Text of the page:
Whiskey is a varied spirit that’s been around for a long time. That rich history is in part what makes the drink so sophisticated. There’s a new phenomenon from established distillers and startup brands alike where everything from chocolate to peanut butter to cookie dough is being added to whiskey. It’s called “dessertification” and Thrillist says it’s “bringing sweet flavors and a lot of playfulness to a typically traditional corner of the drinks world.”
Before you knock this as a gimmicky trend that won’t last, some industry experts believe it could be a way to open whiskey up to new drinkers, including those who may be unfamiliar with the spirit and what it offers.
One-third of the Generation Z population will turn 25 sometime this year. Given they’ll be past the legal drinking age, it’s important for spirit brands to understand their drinking habits. And here’s why: people born between 1996 and 2010 make up 40 percent of the general consumer base, or over $140 billion worth of spending power.
Writer and author Kara Newman predicts a similar pattern with whiskey that happened with spirits in the ‘90s and ‘00s. “Flavored vodkas started with fruit flavors to please the vodka-soda crowd,” she told Thrillist. “As time marched on, flavors became more ‘over the top,’ giving us cinnamon, vanilla, and even s’mores vodkas.” And those flavors reach the younger demographics who are used to other flavored spirits and hard seltzer. “Sweet, dessert-like flavors can help draw in a group accustomed to candy flavors in vaping, fruity hard seltzer, sweetened cocktails, etc. … and they’re not so far from nostalgic childhood flavors.”
There’s a big difference between the flavor profiles of whiskey and vodka, which makes it hard to know whether the dessertification trend will catch on in the whiskey world. Vodka is neutral by design and can support various flavors added in. And although caramel, maple, and vanilla are “sweet” flavors often found in certain whiskeys, there’s a distinct difference between naturally occurring characteristics versus artificial whiskey infusions.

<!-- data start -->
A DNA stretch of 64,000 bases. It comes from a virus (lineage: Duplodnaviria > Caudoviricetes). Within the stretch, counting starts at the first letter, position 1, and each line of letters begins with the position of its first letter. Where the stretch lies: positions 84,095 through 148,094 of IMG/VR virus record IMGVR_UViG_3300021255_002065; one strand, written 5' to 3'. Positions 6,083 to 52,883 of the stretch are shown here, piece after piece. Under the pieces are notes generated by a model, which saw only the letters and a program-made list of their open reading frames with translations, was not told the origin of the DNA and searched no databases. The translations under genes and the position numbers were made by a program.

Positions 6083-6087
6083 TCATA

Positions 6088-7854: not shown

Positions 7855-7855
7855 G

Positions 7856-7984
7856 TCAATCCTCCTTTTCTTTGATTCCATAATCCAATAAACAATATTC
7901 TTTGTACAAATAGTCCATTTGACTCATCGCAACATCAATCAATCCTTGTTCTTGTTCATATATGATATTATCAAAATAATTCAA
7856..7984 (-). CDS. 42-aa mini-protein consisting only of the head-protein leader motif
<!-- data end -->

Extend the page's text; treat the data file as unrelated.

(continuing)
Will this trend make the whiskey category more fun and appealing to newcomers?
The data says it’s a good possibility. According to NielsenIQ data released in October 2022, the flavored whiskey category is up 14.6 percent over the last two years, outpacing the 8.4 percent growth of the whiskey market overall. Drink analysts also predict “promising figures for this side of the whiskey industry.”
Legacy brands like Jim Beam and Jack Daniel’s are getting in on the action but small craft distillers are, too. Kentucky’s Bird Dog Whiskey launched a blackberry flavor in 2010 and New York’s Southern Tier Distilling Co. tried a pumpkin-flavored whiskey after a pumpkin imperial ale was one of the best known beers in their taproom.
Of course, more traditional whiskey aficionados would argue that if you blend any kind of flavor with a standard whiskey, it’s no longer considered whiskey. Open-minded drinkers say it’s always great to offer options, especially when first introducing whiskey to someone who’s never acquired a taste for it before.
By their very nature, drinks are supposed to be a fun and worthwhile experience. Which end of the spectrum are you on? Are you a fan of the dessertification trend? Would you like to see it continue?If you’re a fan of really good whiskey and like keeping it separate from your dessert (or let’s be honest, drinking it AS your dessert), check out RackHouse Whiskey Club. RackHouse scours the U.S. looking for the best craft distilleries with the most interesting stories to curate a unique subscription box filled with full-sized bottles of small batch whiskey. We’re building a community of premium craft whiskey drinkers and you’re invited! Join us!